If some websites not loading on your Windows device, you can use the tips below to fix this problem. The issue appears in different ways: the browser may not open all the sites or only some of them, the problem can occur only in one browser on the computer or in all at once. The Internet connection is established in this scenario, and other programs (such as Skype or other messengers) are functional.
In any case, when you try to open a website, the page loads a long time and then you receive one of the following errors: Unable to Connect, Web Page Inaccessible, ERR_ TIMED_OUT, ERR_CONNECTION_ CLOSED, Page can not be displayed, The connection has timed out.
It all depends on the browser and the reasons for which there is no access to the site.
How to Fix Issues When Some Websites Not Loading on Windows 10 Machine?
Let’s look at some of the most common reasons why some websites won’t load on your Windows 10 computer:
- Problem with DNS server or DNS records;
- Incorrect TCP/IP stack settings;
- Incorrect entries in the hosts file;
- Your computer may be infected with a virus or malware;
- The browser or plugins are misconfigured;
- Routing table error;
- Wrong MTU size.
Problem with DNS servers or DNS records
A misconfigured DNS server or erroneous DNS records is a typical cause of some websites not loading. Manually configure the primary DNS server by providing Google’s public DNS servers (22.214.171.124 and 126.96.36.199).
Also, use the following command to clear your computer’s DNS cache:
Reset TCP/IP settings
Reset the TCP/IP network stack settings to their default values. Run the following command from the Command prompt with administrator privileges:
netsh winsock reset
Try to open webpages that were not loading after restarting the computer.
Checking the Hosts File
Some viruses alter the hosts file to send traffic to bogus websites. Examine the host’s file for any extraneous entries (by default, the hosts files do not have static mappings between DNS names and IP addresses).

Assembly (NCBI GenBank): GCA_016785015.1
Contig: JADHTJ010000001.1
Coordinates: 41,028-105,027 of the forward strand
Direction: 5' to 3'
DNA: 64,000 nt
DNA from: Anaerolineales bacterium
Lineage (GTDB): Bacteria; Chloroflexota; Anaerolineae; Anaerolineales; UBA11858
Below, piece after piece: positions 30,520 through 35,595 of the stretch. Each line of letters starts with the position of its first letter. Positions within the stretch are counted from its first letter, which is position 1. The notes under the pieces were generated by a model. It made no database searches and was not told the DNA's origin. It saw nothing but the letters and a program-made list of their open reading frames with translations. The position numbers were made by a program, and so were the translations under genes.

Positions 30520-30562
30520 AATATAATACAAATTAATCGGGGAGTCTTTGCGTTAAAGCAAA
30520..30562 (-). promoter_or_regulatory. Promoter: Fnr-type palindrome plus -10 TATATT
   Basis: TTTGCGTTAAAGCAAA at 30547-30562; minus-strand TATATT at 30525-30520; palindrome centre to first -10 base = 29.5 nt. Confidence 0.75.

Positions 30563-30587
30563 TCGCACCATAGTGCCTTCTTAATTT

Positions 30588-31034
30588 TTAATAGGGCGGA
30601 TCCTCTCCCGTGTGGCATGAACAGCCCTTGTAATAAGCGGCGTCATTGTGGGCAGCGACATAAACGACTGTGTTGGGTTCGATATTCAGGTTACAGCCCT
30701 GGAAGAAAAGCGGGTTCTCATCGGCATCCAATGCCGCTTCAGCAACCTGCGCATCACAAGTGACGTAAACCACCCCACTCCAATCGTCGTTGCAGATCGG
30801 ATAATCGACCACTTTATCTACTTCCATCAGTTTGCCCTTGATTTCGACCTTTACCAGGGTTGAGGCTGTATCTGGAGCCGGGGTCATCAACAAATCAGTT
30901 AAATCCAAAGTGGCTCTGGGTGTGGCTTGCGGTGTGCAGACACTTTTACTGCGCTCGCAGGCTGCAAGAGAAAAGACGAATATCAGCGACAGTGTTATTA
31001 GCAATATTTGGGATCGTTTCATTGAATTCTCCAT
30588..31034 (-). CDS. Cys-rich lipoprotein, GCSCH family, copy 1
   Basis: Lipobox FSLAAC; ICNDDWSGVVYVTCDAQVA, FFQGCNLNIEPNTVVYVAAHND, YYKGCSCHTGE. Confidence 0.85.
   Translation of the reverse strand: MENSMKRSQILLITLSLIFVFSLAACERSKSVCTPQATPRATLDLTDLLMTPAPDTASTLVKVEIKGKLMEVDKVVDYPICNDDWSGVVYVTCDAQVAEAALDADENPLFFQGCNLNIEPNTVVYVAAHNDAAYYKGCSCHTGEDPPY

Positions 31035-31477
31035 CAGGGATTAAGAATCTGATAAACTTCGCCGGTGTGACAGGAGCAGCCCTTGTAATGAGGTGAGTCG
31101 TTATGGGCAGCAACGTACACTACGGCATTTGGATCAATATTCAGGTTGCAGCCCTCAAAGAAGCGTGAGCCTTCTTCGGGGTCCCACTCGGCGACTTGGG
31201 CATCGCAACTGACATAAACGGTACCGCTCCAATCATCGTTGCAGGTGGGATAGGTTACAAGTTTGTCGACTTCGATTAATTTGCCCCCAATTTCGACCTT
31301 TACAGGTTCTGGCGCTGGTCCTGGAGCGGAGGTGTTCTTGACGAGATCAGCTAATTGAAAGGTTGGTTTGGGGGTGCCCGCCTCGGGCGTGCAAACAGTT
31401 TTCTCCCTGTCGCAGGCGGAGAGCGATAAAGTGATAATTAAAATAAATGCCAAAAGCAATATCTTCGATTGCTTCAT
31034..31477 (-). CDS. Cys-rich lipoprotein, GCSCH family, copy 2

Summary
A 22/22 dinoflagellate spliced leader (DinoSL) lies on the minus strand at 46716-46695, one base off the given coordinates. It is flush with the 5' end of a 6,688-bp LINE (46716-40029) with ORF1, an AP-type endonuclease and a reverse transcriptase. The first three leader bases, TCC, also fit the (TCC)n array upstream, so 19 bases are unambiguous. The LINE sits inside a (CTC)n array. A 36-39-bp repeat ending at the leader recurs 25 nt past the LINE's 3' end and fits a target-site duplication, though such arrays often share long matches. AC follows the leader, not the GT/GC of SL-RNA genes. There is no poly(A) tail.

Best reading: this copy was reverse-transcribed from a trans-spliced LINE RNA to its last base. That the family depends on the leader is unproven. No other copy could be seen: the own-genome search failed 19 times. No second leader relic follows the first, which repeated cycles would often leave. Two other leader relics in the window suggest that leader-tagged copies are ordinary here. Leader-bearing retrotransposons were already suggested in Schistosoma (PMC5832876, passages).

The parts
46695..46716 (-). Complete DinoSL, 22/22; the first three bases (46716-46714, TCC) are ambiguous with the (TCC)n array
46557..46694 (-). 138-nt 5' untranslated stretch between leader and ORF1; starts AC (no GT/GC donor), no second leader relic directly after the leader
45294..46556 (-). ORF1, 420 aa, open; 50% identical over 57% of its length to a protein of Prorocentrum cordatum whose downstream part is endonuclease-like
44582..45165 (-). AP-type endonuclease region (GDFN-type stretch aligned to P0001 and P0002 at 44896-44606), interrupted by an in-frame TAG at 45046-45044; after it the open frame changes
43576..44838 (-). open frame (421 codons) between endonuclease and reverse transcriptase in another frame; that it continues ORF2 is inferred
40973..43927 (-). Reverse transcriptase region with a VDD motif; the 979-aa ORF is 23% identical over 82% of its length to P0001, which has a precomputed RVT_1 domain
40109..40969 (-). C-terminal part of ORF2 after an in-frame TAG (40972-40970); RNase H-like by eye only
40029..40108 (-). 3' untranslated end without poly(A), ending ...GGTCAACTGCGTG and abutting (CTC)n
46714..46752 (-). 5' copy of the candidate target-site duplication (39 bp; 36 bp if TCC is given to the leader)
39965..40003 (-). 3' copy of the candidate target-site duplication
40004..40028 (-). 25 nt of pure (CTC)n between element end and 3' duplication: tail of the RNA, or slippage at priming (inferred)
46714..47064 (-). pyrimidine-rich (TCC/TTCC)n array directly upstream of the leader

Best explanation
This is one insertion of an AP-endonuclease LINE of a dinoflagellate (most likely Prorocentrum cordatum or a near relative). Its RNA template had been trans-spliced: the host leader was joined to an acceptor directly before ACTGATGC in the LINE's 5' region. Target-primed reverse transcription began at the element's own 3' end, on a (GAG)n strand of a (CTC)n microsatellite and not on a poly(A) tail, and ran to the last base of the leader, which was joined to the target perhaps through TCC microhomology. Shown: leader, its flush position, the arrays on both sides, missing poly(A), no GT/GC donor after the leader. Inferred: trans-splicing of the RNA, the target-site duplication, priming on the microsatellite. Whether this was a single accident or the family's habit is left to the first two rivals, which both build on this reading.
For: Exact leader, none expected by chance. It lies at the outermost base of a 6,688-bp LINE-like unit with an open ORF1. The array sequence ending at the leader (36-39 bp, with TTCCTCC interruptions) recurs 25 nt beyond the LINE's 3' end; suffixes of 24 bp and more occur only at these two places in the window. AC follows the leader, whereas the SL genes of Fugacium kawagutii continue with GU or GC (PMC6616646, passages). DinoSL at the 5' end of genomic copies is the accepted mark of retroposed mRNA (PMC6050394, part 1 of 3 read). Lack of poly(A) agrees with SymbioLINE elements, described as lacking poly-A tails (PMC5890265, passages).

Execute the following command:
If you see any third-party site addresses that you can’t open, then you need to delete them and save the hosts file.
Check Your Computer with Antivirus
Use a portable antivirus program to scan your computer (Microsoft Safety Scanner, Avira PC Cleaner, Kaspersky Security Scan, Dr.Web CureIt).
Check your browser’s proxy server settings and uninstall any unneeded plug-ins or extensions. Install a different browser (for example, if you already have Chrome installed, try Firefox).
Check the system for loaded dll modules. Open Registry Editor and go to the registry key HKEY_LOCAL_MACHINE\SOFTWARE\Microsoft\Windows NT\CurrentVersion\Windows. Find the Applnit_DLLs parameter. Its value should be empty. If it specifies the path to the dll files, manually remove these files and clear the registry value.
Clear the Routing Table
Some viruses have the ability to add static entries to the routing table. With the exception of the default routes, reset all static routes in the routing table with the command:
Check the MTU Value
The MTU (Maximum Transmission Unit) value indicates the largest packet size that can be sent without fragmentation over a TCP/IP network. If you choose the incorrect MTU size, you may experience issues with some websites, VoIP failures, and receiving or transferring files over the network.
Check the current MTU value on your Windows system as well as the router’s settings. Your ISP’s maximum MTU size must be specified. Most likely, you’re using the MTU 1500 value; try changing it to 1460 or 1420. Setting the value to 1476 is recommended for 3G/4G USB modems.
Access to the Site Blocks the Antivirus or Firewall
Antiviruses and firewalls frequently block sites that are listed in their harmful site database. In this instance, the browser will display a message stating that the address has been banned by the antivirus software. If you still want to visit the site, turn off your antivirus or add a URL to your exclusions list. It isn’t always secure. Malicious websites can also be blocked by browsers.
The Problem with the Website SSL Certificate
Due to an erroneous, untrusted, or expired certificate, the system or browser may prevent the connection to the HTTPS site in specific instances. Update your computer’s root certificates, or add the site certificate to your trusted list (unsafe).